Steve Jobs once said that learning to code 'teaches you how to think'.

A certain Barrack Obama said that it, ‘that will change the way we do just about everything’.

If you've read enough of my content, you'll know that at its core, coding is fundamentally about problem solving.

Now, I also believe that real-life is a lot about problem solving too, from whether it's locating your missing sock to organizing your diary for the week. Like when we code, our thought process needs to break down a task into a series of simpler steps in order to find a resolution.

This article explores how coding effects the coder beyond the code itself and whether the problem solving we do on-screen has an impact on our ability to problem-solve off-screen.

Let's crack on.

1. You'll Start to Question More

You are the developer and it's a new day, you're at your desk when that ever welcomed client requirement comes in hand.

It's then up to you to see what needs to doing, break it down, visualize the solution and provide the corresponding implementation plan.

At the same time, you also need to carefully consider how it will fit into the existing architecture and its impact of the application overall.

And before all that, they need to consider the feasibility of the request and provide feedback. You'll be surprised how much of the job is explaining the technical impracticality of a task to a client or stakeholder who isn't technically minded.

You need to constantly step back and think twice before you start anything in coding. Rushing into a development task is a recipe for disaster.

You'll find yourself reading in-between the lines and questioning a lot more in day-to-day life.

2. Improve Your Problem-Solving

Coding forces you take logically driven approach, you will find yourself writing out algorithms on paper in order to break a problem down and write the most efficient code.

You also need to troubleshoot defects and fix vulnerabilities in large systems containing hundreds of thousands of lines of code.

Logical thinking, problem-solving, coordination and organizational skills are the three cornerstones of programming.

The more you code, the more you exercise and strengthen these abilities.

Learning to program not only helps you to better understand your own way of thinking, but by organizing ideas and intentions, it will lead you to take better, thought-out and rationally driven approaches to other aspects of life.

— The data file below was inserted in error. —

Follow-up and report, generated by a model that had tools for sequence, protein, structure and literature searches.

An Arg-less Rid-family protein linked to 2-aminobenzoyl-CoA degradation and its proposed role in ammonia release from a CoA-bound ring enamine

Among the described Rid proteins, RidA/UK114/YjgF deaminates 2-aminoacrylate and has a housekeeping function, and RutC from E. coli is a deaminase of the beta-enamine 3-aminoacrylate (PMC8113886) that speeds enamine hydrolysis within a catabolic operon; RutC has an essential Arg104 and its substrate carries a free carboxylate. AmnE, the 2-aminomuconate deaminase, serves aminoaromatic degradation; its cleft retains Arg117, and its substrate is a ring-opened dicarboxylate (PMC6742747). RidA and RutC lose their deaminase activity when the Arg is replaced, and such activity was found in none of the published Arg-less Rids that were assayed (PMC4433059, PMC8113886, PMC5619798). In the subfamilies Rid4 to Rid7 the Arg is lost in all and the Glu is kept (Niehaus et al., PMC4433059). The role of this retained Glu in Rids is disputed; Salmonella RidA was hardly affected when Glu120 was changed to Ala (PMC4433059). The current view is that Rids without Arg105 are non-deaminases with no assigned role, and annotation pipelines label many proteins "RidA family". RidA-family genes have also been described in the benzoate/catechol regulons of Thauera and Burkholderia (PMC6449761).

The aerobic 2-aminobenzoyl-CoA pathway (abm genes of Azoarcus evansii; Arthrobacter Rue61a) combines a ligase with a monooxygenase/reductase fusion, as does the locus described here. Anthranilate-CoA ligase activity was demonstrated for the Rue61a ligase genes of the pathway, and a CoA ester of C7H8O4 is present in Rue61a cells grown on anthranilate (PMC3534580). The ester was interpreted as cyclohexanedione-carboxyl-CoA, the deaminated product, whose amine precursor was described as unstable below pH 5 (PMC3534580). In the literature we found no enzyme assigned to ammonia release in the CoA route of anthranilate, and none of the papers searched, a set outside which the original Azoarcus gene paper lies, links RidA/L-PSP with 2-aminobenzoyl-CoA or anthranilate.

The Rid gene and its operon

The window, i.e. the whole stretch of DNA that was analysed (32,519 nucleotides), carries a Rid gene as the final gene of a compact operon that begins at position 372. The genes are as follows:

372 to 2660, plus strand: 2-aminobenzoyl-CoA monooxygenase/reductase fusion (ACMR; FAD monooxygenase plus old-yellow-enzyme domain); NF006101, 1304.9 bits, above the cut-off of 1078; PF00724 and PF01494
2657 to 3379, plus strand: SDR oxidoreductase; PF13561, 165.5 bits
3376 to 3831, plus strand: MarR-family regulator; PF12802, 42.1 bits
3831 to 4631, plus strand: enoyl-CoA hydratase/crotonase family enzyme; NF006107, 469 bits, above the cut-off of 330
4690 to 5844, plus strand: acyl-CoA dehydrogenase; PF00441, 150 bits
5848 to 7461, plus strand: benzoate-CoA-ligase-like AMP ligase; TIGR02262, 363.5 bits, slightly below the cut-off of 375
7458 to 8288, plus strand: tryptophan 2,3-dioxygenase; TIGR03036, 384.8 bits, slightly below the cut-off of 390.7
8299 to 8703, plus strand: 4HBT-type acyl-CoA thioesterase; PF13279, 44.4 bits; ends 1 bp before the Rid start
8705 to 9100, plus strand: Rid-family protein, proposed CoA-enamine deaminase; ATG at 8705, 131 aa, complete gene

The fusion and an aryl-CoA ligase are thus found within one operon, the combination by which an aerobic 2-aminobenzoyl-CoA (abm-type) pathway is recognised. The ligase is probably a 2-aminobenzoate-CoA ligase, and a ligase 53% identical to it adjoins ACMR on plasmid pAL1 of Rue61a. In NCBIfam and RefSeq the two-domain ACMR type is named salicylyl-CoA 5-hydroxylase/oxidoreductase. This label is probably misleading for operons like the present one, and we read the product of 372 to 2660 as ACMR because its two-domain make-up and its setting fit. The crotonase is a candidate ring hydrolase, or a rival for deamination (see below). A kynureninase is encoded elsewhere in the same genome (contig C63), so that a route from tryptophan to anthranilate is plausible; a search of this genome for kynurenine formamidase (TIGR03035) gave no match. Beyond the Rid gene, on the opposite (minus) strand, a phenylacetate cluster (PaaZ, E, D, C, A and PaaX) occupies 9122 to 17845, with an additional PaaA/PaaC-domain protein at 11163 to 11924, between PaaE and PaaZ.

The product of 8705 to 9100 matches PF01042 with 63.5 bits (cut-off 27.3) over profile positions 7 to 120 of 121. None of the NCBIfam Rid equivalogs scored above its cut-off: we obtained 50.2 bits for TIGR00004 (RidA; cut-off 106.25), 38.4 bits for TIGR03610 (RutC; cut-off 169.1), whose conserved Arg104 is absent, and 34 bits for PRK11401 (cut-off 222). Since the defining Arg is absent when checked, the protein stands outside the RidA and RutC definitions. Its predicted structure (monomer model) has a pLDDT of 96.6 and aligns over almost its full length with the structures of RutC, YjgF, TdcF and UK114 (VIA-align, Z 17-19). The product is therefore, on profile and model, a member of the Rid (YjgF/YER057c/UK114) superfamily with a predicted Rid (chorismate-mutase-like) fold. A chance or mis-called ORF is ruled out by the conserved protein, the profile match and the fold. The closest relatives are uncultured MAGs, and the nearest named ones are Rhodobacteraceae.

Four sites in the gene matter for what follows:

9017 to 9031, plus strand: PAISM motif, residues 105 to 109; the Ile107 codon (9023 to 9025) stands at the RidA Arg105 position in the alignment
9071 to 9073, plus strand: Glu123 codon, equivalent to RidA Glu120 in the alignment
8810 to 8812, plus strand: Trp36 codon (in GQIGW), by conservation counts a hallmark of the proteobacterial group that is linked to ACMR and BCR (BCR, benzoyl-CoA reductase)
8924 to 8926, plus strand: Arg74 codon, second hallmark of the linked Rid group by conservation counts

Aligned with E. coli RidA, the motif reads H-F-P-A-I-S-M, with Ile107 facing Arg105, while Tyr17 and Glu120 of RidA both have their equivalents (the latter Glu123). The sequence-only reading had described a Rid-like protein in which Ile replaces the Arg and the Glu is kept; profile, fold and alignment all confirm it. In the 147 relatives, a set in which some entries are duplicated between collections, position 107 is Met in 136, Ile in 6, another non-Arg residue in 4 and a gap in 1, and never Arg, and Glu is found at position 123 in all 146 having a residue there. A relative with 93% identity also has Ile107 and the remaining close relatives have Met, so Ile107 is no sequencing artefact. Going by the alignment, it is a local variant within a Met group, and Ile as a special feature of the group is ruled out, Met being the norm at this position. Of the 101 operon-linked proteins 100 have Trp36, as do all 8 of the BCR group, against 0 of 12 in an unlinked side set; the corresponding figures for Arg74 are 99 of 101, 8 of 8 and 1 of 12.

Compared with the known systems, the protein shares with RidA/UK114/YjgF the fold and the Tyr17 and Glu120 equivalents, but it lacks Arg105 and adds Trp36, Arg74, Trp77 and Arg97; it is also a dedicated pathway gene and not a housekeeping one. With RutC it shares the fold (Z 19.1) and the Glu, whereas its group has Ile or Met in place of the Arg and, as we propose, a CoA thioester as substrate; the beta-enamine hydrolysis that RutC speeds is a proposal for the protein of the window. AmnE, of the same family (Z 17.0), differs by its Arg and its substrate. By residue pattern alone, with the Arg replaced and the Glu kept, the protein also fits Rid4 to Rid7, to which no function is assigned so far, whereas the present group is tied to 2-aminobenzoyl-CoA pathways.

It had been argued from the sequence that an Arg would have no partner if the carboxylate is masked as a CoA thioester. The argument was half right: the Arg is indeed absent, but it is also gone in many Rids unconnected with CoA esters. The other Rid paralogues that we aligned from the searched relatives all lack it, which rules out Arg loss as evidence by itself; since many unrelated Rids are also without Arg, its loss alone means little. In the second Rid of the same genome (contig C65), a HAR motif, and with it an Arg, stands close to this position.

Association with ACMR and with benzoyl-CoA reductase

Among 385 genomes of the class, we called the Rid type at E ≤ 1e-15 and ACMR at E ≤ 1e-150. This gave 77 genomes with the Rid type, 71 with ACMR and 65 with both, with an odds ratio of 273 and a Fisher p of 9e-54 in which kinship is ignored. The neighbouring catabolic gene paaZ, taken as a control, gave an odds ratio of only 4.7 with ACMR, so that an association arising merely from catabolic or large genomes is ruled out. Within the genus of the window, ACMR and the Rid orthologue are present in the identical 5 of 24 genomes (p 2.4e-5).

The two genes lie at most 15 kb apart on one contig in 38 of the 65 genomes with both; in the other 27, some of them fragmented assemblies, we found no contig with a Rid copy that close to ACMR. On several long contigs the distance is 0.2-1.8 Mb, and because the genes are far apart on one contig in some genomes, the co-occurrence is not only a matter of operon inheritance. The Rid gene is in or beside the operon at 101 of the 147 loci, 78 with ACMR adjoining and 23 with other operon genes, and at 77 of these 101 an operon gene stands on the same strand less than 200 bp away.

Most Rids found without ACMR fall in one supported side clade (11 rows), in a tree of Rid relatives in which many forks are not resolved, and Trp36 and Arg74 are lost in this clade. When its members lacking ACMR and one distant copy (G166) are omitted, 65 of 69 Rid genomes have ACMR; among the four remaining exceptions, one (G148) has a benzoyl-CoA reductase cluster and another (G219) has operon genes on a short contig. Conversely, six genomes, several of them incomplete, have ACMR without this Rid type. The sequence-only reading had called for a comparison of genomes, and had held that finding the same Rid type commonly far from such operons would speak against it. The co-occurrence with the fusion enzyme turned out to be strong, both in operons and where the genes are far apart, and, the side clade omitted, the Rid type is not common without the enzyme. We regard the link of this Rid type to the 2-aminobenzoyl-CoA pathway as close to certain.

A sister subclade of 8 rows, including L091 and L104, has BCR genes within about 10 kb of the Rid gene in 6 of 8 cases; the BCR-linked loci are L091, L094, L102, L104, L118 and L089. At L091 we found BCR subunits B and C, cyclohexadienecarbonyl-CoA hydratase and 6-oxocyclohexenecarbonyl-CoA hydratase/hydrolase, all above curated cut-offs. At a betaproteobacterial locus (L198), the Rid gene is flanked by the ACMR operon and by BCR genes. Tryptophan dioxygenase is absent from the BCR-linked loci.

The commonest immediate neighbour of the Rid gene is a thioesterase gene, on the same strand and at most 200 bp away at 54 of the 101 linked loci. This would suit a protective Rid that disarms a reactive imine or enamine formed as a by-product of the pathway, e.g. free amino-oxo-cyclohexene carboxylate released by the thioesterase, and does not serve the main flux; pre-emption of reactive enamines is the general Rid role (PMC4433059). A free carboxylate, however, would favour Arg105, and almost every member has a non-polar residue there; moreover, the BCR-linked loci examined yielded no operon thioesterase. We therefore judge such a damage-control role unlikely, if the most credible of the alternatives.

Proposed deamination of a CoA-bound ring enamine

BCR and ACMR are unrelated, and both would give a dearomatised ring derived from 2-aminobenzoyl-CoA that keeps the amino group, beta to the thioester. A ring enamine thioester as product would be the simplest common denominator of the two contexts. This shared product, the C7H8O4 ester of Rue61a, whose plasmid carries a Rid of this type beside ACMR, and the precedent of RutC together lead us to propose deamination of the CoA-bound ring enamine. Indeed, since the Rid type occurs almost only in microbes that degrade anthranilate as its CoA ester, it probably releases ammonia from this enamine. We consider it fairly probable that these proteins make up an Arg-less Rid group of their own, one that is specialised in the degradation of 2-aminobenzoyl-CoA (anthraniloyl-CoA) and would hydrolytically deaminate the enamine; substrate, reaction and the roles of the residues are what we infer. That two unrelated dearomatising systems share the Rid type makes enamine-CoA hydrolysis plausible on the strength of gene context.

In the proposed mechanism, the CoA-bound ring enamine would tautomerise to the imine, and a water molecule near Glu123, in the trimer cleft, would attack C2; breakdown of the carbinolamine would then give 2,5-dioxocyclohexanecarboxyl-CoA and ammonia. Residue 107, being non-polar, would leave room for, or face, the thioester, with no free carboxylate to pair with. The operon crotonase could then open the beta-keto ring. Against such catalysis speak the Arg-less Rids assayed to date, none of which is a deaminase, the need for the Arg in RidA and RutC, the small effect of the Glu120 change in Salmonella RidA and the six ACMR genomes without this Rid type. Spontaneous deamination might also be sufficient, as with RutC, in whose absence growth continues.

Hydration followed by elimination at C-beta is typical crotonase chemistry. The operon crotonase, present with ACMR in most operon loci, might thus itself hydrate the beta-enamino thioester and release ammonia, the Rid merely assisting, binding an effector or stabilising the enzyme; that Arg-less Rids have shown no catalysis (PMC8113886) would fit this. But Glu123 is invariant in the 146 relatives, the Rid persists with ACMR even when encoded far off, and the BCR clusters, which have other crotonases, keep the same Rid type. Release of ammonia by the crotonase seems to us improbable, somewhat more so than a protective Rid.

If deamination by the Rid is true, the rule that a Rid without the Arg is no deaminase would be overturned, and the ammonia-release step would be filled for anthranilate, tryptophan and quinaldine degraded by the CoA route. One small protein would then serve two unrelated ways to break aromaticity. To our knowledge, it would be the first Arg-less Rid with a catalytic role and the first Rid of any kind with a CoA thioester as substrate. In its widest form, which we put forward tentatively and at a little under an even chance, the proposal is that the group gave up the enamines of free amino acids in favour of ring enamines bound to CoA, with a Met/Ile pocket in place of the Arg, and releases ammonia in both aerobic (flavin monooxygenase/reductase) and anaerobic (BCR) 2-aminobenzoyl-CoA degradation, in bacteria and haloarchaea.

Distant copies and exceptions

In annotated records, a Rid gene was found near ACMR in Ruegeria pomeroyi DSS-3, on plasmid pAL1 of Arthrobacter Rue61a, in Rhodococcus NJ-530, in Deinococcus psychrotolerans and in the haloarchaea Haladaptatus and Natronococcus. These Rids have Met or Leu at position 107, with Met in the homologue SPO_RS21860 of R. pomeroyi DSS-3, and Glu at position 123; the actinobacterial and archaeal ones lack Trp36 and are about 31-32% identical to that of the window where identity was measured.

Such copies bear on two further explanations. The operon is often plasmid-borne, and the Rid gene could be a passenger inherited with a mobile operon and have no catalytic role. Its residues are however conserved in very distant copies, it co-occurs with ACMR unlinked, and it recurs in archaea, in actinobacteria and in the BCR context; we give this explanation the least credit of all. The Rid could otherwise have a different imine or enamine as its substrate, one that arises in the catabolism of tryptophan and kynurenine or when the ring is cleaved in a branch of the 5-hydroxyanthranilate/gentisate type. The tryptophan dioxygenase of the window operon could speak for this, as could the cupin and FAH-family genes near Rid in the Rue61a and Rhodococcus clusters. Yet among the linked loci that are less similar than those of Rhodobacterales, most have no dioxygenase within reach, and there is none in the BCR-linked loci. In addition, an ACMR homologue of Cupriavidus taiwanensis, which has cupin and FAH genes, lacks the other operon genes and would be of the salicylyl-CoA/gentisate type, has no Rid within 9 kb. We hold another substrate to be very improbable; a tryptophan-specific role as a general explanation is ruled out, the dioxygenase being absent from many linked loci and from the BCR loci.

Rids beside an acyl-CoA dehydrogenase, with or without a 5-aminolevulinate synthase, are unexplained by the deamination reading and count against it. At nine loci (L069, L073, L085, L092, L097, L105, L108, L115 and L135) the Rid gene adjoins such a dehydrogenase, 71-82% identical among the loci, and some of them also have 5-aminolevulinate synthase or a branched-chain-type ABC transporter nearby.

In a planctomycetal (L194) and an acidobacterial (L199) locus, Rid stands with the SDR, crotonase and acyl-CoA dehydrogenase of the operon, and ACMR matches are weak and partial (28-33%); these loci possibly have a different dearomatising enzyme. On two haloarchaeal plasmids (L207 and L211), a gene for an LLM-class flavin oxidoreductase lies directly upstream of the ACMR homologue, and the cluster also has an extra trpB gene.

3. Helps You Save Time

The modern world has given us the luxury of a number of time-saving inventions, from the washing machine to the modern computer. These have replaced the tedious, manual tasks employed by our ancestors.

Much of what drives software innovation consists of finding ways to automate and save time in our everyday activities. At the the macro-level, coders are at the heart of this technological advancement.

On the micro-level, coders are constantly finding ways to automate tasks within an application.

Since learning to code, I've found myself pondering how I can automate or finding quick ways of doing things in the non-coding aspects of my life.

4. Unlimit Yourself

Coding has made me realize how easy it is to conceive my ideas and develop useful, working applications.

Once you grasp how much is possible through code, you'll start testing ideas you never thought possible. How about automating some household appliances? Or coding and release a game idea you've always had.

Coding and imagination go hand in hand and you'll certainly feel less restricted, when you see the opportunity that lies in an increasingly interconnected world.

5. Increases Your Spatial Awareness

Spatial awareness refers to our conscious awareness of the objects in our environment and our physical position in relation to them.

It's how we confidently navigate the world around us and avoid knocking into things. For example, it's the internal mechanism that helps us to judge the placement, direction and speed of cars when crossing the word.

Modern coding is very compartmentalized. That means that complex applications are stitched together with reusable components a bit like Lego blocks that can interlink in hundreds of different ways.

A developer must be conscious of where these components fit in a sort of 3-dimensional space. An advanced coder is able to visualize this interlinking in an complex program to navigate the code.

This has actually been evidenced to increase our spatial awareness overall and better perceive the world around us.


[1] Messer, D., Thomas, L., Holliman, A. et al. Evaluating the effectiveness of an educational programming intervention on children’s mathematics skills, spatial awareness and working memory. Educ Inf Technol 23, 2879–2888 (2018).